Hell, I didn’t even realize that it was a prequel to Aliens until the last 15 seconds of the movie! 😯

That said, it was still more or less entertaining and gave us something to do that night while we dined on succulent dishes a’plenty, and sometimes, you really can’t ask for much more than that… 😛

Diluting Wizarding Around the World

May 17, 2012 2:49pm
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I just read this article over at Attractions magazine about Universal Studios expanding The Wizarding World of Harry Potter to two of their other parks out in California and Tokyo. Some people are excited about this, thinking that it will allow even more people to experience this amazingly designed attraction, but I guess I didn’t exactly share that same sentiment from what I read…

To me, this sounds like just another example of the same problem I see with Disney right now where they’ve been developing attractions for multiple parks around the world at the same time. Sure, it may end up being cheaper for them to re-use the Imagineering efforts rather than creating unique experiences for their other parks, but from my perspective, what’s the incentive for me to visit any of those other parks if I’ve already experienced the same things here in Florida?!

The reasoning might simply be that they’re just not targeting me with these efforts – for all I know, maybe they assume that guests aren’t going to visit multiple parks so it’s not a big deal if they duplicate efforts, but it does bother someone like me who is a huge fan of pretty much everything they do and as such, wants to eventually experience all of the Disney theme parks around the world! When I look back a couple of years ago at when we visited Disneyland for our anniversary, the ones that really stood out to me weren’t Toy Story Mania or the Tower of Terror or even the ones that started first in California and got transplanted in Florida like Soarin’ and a big chunk of the original Disneyland attractions … it was the attractions like Aladdin and The Matterhorn and The World of Color that were truly unique to the California parks made a lasting impression on me because they were new experiences that I’d never seen before.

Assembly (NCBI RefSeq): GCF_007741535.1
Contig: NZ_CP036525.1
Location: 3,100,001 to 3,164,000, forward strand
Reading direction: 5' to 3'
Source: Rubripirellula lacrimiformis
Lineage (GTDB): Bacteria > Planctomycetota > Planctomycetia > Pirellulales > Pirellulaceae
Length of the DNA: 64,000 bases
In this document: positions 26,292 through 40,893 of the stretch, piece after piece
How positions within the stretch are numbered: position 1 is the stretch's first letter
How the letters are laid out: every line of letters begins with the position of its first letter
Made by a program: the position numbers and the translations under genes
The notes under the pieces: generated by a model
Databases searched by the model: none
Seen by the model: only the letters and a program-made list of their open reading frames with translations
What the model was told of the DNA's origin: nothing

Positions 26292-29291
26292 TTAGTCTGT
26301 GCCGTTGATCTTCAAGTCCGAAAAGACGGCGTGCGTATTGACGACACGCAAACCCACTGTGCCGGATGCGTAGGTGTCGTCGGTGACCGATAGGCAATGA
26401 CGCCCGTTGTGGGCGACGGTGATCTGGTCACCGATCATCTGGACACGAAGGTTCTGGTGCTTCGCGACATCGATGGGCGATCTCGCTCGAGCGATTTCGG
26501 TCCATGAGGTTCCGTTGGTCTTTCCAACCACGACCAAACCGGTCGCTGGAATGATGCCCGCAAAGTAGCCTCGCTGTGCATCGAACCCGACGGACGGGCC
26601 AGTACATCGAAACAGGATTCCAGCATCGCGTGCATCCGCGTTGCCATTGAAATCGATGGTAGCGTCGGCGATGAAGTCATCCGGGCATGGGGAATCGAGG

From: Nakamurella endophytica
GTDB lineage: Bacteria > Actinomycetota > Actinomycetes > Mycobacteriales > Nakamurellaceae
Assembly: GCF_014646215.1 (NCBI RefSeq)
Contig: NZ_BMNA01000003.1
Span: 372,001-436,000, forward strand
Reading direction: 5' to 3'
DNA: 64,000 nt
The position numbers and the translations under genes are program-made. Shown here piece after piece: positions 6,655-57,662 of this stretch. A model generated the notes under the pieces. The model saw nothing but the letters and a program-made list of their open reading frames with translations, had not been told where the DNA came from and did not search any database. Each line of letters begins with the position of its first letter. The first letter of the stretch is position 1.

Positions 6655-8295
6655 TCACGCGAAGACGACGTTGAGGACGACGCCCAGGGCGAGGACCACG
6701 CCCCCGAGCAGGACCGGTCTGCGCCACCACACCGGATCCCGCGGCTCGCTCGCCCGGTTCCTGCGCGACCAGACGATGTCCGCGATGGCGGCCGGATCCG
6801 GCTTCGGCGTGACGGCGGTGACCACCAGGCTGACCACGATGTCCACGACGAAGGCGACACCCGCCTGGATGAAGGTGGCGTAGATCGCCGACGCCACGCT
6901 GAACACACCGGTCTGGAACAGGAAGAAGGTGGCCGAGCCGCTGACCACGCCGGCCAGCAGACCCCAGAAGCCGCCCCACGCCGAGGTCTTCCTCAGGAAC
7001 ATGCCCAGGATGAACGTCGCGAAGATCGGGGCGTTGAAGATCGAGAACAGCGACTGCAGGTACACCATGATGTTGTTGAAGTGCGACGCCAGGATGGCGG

Maybe you can get away with it in smaller spurts here or there, but entire lands just seems really excessive. What will make Universal Orlando’s version of The Wizarding World of Harry Potter stand out when all is said and done, other than it was the first one???